Watchdogs could ban financial advisers from offering ‘no transfer, no fee’ deals to savers looking to ditch final salary pensions.
Fears that such offers cause conflicts of interest that can influence recommendations were sparked by the British Steel debacle, where vulture advisers swooped in to exploit workers with valuable guaranteed pension benefits.
Savers are being tempted to give up valuable defined benefit pensions, which promise a set income for life, by large sums paid into inferior pensions they must invest themselves – with offers potentially worth hundreds of thousands of pounds.
Decision time: Many people are being offered gigantic transfer values to leave final salary scheme
A ban on ‘contingent charging’, as such deals are known in industry jargon, is being mulled by the Financial Conduct Authority, which has called for feedback by the end of May.
It is worried that savers taking free advice on the basis of ‘no transfer, no fee’ can then end up pressured into moving pots, allowing advisers to pick up a big payout.
The announcement came as the FCA confirmed earlier proposals to tighten up rules on how financial advisers should handle clients wanting to transfer out of final salary pensions.
Also known as ‘defined benefit’ pensions, these are typically the safest and most generous available.
But pension freedoms have led to many people considering whether to abandon them and invest their funds independently instead. A further temptation is added by the ability to pull all the cash from a pension after the age of 55.
Savers must already pay for financial advice before moving a final salary pension worth £30,000-plus.
From 1 October, financial advisers will have to carry out personalised analysis of options and give a personal recommendation, plus give a comparison to show the value of benefits being given up by clients.
The FCA has also rowed back on a plan to abandon existing guidance that an adviser should always start from the assumption that a transfer will be unsuitable.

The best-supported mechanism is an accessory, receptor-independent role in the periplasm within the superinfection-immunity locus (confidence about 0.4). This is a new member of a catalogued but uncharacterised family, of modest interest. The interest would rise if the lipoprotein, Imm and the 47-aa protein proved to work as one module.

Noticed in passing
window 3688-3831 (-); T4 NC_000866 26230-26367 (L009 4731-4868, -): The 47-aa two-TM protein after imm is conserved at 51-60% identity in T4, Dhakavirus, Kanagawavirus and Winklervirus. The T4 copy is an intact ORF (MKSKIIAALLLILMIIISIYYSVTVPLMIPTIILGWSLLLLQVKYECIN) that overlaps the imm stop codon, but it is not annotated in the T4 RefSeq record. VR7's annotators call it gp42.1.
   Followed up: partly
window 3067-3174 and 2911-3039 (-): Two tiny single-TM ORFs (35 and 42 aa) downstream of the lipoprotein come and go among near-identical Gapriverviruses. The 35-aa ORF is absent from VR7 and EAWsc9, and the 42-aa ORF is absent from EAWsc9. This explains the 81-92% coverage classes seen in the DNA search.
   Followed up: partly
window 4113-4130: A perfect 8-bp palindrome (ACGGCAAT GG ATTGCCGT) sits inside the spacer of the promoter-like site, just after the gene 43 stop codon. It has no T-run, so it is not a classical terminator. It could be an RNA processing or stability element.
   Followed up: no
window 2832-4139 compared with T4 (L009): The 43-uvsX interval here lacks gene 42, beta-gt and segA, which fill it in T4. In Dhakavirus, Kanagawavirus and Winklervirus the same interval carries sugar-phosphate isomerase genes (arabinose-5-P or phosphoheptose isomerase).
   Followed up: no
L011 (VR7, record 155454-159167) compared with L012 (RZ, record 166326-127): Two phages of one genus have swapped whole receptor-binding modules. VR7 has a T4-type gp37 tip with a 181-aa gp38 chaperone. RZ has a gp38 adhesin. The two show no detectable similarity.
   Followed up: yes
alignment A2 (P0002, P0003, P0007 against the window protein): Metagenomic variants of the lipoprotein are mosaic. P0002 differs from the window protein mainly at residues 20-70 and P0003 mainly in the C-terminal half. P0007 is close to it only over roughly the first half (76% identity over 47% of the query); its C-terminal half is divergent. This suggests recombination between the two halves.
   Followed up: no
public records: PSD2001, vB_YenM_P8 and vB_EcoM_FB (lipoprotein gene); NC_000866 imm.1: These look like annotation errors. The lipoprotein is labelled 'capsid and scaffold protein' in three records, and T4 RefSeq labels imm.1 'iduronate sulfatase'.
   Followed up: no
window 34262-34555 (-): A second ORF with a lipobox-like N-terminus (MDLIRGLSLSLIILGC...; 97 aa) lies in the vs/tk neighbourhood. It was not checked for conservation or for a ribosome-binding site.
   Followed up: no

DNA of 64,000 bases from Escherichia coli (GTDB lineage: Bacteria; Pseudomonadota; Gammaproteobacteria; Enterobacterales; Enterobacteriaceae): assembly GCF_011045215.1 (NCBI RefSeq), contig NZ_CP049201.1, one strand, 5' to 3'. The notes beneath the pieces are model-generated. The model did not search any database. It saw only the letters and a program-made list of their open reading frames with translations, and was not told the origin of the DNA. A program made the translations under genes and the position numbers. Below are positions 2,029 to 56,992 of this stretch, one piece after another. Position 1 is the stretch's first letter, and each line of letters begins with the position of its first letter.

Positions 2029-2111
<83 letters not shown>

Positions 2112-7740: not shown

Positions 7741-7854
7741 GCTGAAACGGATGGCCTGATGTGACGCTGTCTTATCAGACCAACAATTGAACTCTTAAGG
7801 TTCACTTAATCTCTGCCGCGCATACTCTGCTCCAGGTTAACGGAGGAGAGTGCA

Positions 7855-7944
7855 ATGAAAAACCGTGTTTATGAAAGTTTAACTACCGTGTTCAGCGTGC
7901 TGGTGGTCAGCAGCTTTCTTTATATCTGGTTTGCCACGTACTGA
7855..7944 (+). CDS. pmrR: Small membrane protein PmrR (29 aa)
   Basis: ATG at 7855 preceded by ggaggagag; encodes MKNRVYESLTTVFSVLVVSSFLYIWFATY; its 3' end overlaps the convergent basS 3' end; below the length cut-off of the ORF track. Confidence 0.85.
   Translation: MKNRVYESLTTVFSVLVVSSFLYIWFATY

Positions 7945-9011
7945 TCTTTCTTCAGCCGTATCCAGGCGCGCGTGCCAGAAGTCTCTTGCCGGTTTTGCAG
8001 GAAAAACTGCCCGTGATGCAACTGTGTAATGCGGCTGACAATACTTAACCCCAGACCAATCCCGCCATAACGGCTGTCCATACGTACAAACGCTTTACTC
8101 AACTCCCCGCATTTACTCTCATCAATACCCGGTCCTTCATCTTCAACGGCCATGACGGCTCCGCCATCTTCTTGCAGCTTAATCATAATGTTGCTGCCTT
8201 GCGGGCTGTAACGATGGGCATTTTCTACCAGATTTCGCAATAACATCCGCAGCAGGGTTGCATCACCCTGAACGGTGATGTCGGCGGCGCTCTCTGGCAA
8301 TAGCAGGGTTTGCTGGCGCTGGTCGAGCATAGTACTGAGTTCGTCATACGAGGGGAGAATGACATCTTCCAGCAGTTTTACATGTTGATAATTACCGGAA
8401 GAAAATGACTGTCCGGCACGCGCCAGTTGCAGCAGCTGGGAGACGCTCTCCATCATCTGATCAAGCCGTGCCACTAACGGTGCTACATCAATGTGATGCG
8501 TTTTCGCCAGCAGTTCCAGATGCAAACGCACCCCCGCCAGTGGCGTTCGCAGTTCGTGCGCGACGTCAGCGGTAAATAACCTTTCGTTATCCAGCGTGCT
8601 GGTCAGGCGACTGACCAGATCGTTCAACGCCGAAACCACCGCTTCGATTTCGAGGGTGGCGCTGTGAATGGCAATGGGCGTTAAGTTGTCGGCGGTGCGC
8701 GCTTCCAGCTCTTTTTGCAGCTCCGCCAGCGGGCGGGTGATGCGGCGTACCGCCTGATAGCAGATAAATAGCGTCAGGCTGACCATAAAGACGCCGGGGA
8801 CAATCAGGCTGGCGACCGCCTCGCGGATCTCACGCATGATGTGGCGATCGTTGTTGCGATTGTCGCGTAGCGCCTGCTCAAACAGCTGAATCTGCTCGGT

And the watchdog has got stricter about the role of ‘pension transfer specialists’, whom it says should do more than just check the numbers, but also assess the reasonableness of the personal recommendation and the comparison given by an adviser.
It is asking for feedback on whether advisers offering help on pension transfers should also have investment qualifications.
Fears that ‘no transfer, no fee’ offers cause conflicts of interest that can influence recommendations were sparked by the British Steel debacle
Christopher Woolard, executive director of strategy and competition at the FCA, said: ‘Defined benefit pensions are valuable so most people will be best advised to keep them.
‘However, where people are considering a transfer, it is vital that they get good advice to enable them to make an informed decision.
‘We are also looking at whether further changes are needed to improve the quality of advice in this area. In particular, we recognise that there is an inherent conflict of interest when advisers use a contingent charging model so we are asking for views on whether we should ban contingent fees for pension transfer advice.’
Previous research by the Financial Conduct Authority found that only half of financial advice given on transfer meets its standards on getting a suitable recommendation or subsequent pension product.
MPs on the work and pensions committee have scolded the regulator for failing to clamp down hard enough on advisers targeting British Steel savers.
In a recent report they said the workers were ‘shamelessly bamboozled’ by vulture financial advisers in an erupting mis-selling scandal that threatens many other savers,
Urgent action is needed to protect people with generous and guaranteed final salary pensions from being cheated, according to their scathing report.
Why are people ditching final salary pensions?
Many people are being offered gigantic transfer values – often worth vastly more than the current size of their pots – by employers keen to clear the obligation to pay expensive final salary pensions off their books.